Sep 192014
 

Having seen Robert Scoble interview dozens of startups and founders, it was fascinating to get him on the other side of the camera for a Decoding the New Economy interview.

One of areas I was keen to explore with Scoble was his experience of moving from his blogging platform to Facebook and particularly the risk of being locked in a silo, something previously discussed with Doc Searls.

“I’d rather all my content wasn’t in Facebook,” Scoble observes, “but those days are over.”

Unlike Searls, Scoble sees the social media networks — particularly Facebook — as being a useful distribution tool while accepting their limitations; “I find I get a lot more engagement and distribution on Facebook.”

“Unlike a lot of other journalists I don’t have to make my money out of advertising so I don’t care about taking my eyeballs off the blog and onto Facebook.”

“It does limit my storytelling ability because you can only use one video and I can’t do a lot of typographic stuff,” says Scoble, “people are seeing these on mobile phones anyway so they don’t want to see all of this stuff anyway.”

The mobile aspect is key to the business world going forward, we stopped midway through the interview to buy an iPhone 6 which went on pre-order right in the middle of the discussion.

For the mobile world Scoble sees the rise of various ecosystems like Google’s and Apple’s forcing people to make choices about which camp they are going to join.

Like many in the tech industry, Scoble is very cautious about looking too far ahead; “none of the people, even the investors, are looking more than five years ahead.”

The key though is miniaturization as devices get smaller and more portable, the potential for technology becomes greater.

Whether that potential is limited by the desire of vendors to lock users into silos remains to be seen.

 

  3 Responses to “Navigating a world of silos”

  1. “The key though is miniaturization as devices get smaller and more portable, the potential for technology becomes greater.”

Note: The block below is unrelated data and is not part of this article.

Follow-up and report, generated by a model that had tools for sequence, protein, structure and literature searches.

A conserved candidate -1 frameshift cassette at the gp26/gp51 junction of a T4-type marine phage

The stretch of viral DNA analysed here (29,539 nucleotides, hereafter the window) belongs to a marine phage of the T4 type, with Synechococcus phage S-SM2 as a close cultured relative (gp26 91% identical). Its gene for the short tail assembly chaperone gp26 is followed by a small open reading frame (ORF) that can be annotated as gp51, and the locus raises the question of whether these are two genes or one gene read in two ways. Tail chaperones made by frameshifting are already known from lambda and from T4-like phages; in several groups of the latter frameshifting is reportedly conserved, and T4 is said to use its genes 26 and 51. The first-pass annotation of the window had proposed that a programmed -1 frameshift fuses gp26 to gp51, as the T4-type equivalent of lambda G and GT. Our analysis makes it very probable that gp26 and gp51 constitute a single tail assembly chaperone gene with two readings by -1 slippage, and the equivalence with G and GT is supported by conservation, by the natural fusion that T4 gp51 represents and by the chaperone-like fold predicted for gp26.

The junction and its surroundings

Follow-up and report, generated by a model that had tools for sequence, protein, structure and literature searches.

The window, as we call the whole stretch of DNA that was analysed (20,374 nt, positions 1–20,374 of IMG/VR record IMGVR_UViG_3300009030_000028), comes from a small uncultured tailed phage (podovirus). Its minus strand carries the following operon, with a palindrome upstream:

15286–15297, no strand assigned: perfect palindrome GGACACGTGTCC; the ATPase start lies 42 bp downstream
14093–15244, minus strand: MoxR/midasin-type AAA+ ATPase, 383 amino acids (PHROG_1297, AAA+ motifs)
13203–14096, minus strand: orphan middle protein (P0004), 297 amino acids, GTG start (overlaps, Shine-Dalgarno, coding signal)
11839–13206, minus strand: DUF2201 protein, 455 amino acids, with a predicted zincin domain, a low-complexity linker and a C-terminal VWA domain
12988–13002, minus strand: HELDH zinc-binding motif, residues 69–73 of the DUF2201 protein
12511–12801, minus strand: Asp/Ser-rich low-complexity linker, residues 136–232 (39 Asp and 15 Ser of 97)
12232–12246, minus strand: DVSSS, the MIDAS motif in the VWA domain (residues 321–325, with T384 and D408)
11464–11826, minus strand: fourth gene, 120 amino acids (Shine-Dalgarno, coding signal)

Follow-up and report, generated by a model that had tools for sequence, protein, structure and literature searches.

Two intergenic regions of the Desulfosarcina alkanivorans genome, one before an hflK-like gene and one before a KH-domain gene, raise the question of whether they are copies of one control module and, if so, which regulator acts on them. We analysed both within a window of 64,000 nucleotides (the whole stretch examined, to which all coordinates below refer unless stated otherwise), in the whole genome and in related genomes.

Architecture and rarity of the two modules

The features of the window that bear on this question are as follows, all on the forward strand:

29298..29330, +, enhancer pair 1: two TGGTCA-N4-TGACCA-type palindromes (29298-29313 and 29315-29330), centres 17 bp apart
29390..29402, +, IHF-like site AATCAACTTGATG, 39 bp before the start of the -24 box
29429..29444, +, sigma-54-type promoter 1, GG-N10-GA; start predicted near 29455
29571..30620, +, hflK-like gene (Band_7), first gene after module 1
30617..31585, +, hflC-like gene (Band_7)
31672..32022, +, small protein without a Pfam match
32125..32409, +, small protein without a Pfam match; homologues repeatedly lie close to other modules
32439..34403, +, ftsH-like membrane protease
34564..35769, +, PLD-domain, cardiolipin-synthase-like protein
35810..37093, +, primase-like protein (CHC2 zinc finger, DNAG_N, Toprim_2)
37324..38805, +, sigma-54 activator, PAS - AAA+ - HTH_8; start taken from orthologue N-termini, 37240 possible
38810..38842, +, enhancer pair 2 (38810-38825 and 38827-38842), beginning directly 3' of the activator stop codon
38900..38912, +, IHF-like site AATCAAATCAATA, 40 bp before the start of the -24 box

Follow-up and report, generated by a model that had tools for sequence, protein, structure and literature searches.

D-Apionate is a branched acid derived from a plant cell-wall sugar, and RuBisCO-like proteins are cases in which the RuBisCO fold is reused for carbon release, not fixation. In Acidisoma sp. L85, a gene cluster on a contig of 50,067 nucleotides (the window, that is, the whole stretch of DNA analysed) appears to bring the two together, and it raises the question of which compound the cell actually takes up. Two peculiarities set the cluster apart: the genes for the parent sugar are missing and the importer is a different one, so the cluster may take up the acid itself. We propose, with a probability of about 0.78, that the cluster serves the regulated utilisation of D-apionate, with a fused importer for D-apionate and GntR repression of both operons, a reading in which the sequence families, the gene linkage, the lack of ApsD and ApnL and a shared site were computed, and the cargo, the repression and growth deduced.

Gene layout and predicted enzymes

Had to laugh…here’s one notable exception that proves your rule 🙂

    iPhone 4 < iPhone 5 < iPhone 6 < iPhone 6 plus

    Not a trend I'm overly happy with …. why anyone wants a phone bigger than an iPhone 4 is beyond me.

  2. 2 webinars that might interest all and which are interconnected. 1st by Futorologist and Marketing Consultant would show-Embrace Change and Get Things Going(http://mediacontent.sitecore.net/brightcove.html?video=3752099166001). Four key points there are Speed, Individualism (H2H), Simplicity (like smart phones-Steve Jobs came out with it as a phone but it’s more than a phone) and Connectivity including cross channel marketing/PR and integrated marketing/PR.

    2nd, connected to the previous 1 is https://www.brighttalk.com/webcast/5910/119203 (The CMO + Technology Connection). It shows the specifics in integrating the different apps through platforms and the need to use strategies (and that includes couple of landscapes including Marketing Technology Landscape as well as the fact that there are more than 1600+ apps out there within this area). It also shows the need of senior management and leaders coming together to make those strategies including for choosing right tools including integration which also involves both CIO and CMO. And it also shows that these steps are necessary as customers these days are definitely the kings and so to know their needs, it must be even more personalised by using analytics and intelligence (As previous webinar showed, B2B and B2C are out and now it’s H2H). If you need to login to watch it, go ahead as it’s free and they have loads more webinars there for free.

  3. I remember a cartoon in the South Morning China Post years back titled ‘phases in a man’s life’ where it showed a guy at each stage of life saying “mine is bigger than yours” until the final pane where two executives are standing at a urinal with one waving his mobile shouting “mine is smaller that yours.”

    The tide is certainly towards larger handsets, how much is driven by vendors and how much by the market remains to be seen.

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